Man Who Closed Deal With Iran Lectures Scott Walker on Foreign Policy Naivete - The American Spectator | USA News and Politics
Man Who Closed Deal With Iran Lectures Scott Walker on Foreign Policy Naivete

Gov. Scott Walker commented, a few days ago, on President Obama’s apparent unwillingness to accept the reality of dealing with Iranians, noting that, if the current “deal framework” becomes a current “deal,” and somehow manages to pass Congress over Sen. Chuck Schumer’s currently veto-proof majority, that Scott Walker himself, should he be elected to our nation’s highest office, would immediately reverse the deal and send the Iranians packing. 

Now, Scott Walker is obviously competing with other potential Republican Presidential candidates to sound hawkish and strong on foreign policy, proving that he has the temerity to enforce all three legs of Ronald Regan’s famous conservative stool. It should bother no one, least of all the nation’s Commander in Chief, that someone would consider his and John Kerry’s chats with deranged Iranian Mullahs problematic, after all, nothing – and I mean literally nothing – has managed to push that notion through so far. But yet, when asked by NPR about Scott Walker’s comments on the Iranian deal, the President responded with what we on the Internet like to call a liiiiittle bit of “butthurt.

“I am confident that any president who gets elected will be knowledgeable enough about foreign policy and knowledgeable enough about the traditions and precedents of presidential power that they won’t start calling into question the capacity of the executive branch of the United States to enter into agreements with other countries,” Obama told NPR’s Steve Inskeep.

“If that starts being questioned, that’s going to be a problem for our friends and that’s going to embolden our enemies,” he continued. “It would be a foolish approach to take. And perhaps Mr. Walker, after he has taken some time to bone up on foreign policy, will feel the same way.”

This is the second time in a month Obama has gone after Walker specifically; last month he criticized the governor over the passage of a so-called “right to work” bill in Wisconsin.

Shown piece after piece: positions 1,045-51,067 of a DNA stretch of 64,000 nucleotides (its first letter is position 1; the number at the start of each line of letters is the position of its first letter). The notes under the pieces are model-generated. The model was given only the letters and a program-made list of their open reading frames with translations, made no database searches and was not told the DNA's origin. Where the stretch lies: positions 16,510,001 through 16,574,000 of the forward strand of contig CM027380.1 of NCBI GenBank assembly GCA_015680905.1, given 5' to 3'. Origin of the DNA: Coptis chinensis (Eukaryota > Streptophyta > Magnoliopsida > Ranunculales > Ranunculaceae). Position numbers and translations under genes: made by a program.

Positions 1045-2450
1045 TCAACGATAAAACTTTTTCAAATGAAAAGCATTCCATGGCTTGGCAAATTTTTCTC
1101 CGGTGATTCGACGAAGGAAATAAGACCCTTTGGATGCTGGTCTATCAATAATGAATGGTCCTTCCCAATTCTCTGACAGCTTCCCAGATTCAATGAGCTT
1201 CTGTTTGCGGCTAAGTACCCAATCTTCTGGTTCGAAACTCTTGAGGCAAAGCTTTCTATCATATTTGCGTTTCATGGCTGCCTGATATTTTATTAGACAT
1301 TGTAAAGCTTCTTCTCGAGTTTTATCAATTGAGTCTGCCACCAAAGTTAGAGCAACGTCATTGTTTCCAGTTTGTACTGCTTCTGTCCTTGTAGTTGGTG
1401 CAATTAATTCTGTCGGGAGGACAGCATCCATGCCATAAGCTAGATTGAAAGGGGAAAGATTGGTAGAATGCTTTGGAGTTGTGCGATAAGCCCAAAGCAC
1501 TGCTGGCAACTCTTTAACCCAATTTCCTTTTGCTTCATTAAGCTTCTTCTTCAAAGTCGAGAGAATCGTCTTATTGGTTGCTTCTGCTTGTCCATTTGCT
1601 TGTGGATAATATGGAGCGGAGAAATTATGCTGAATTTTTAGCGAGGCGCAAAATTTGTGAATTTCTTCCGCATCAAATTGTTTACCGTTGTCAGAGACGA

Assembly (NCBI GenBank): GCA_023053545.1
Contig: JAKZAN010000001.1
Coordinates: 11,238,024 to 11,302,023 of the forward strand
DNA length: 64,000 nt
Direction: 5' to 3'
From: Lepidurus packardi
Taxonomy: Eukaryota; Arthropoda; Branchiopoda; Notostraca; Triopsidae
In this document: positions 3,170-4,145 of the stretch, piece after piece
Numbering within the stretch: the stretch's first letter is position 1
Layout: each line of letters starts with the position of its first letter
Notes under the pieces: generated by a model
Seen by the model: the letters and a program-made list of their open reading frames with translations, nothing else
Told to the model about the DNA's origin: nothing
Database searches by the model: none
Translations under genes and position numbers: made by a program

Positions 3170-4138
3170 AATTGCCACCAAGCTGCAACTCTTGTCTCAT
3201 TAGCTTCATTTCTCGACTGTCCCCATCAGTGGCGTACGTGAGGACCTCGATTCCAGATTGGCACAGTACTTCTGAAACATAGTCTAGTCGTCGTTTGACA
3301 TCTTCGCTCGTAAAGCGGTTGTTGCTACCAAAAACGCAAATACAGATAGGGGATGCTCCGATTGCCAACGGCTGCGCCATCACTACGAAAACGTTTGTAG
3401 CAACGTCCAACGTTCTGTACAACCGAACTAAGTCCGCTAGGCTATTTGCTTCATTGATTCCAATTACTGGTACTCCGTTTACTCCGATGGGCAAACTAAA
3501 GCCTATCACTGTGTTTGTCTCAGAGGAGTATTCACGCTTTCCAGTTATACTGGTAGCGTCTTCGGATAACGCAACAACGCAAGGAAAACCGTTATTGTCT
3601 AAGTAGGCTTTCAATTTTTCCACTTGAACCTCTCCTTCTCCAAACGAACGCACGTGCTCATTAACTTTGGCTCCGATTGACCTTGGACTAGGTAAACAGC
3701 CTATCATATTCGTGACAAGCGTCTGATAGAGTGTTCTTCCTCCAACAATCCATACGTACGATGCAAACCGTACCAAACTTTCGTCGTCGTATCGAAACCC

That is, of course, quite rich. Pushing aside the obvious criticism of his his theory about Scott Walker’s foreign policy analysis – such as how, in the same interview, Obama himself admitted that the negotiations and resulting deal framework will do absolutely nothing to stop Iran from building a nuclear bomb if it wants to (and it wants to) –  Obama himself was nothing mroe than a first-term Senator from Illinois before he himself ran for President. And for that matter, spent most of his first term as Senator actually running for President, making the time he spent boning up on foreign policy fairly negligible. After all, it’s not as though we here in Illinois are constantly trying to push our city-based legislators into inking complex agreements with foreign powers to take our soybeans and our surplus cattle. 

Fortunately, Scott Walker has already issued his own response to the President’s from-left-field whack. According to the Wisconsin governor, the best he can do is learn from this administration’s mistakes, and that means he’s got a lot of training material to work with. 

“President Obama’s failed leadership has put him at odds with many across the country, including members of his own party, and key allies around the world. Americans would be better served by a president who spent more time working with governors and members of Congress rather than attacking them. Whether it is cutting a bad deal with Iran, calling ISIS the JV squad, or touting Yemen as a success story, Obama’s lack of leadership has hurt America’s safety and standing in the world.” – Governor Scott Walker

In short, even without the kind of foreign policy experience Obama gained organizing community basketball programs and hounding passers-by for petition signatures, you can’t really do worse. 

I’m not sure that’s saying exactly what I want it to say, honestly – most of the country thought you couldn’t do worse than George W. Bush’s hapless attempts at nation-building across the Middle East, but Barack Obama proved that you msot certainly could – and it does go to show that a lack of foreign policy experience does have a real impact on how the world functions, but I’ll give him one thing. He’s right that Obama has no place in his glass house left to throw stones.

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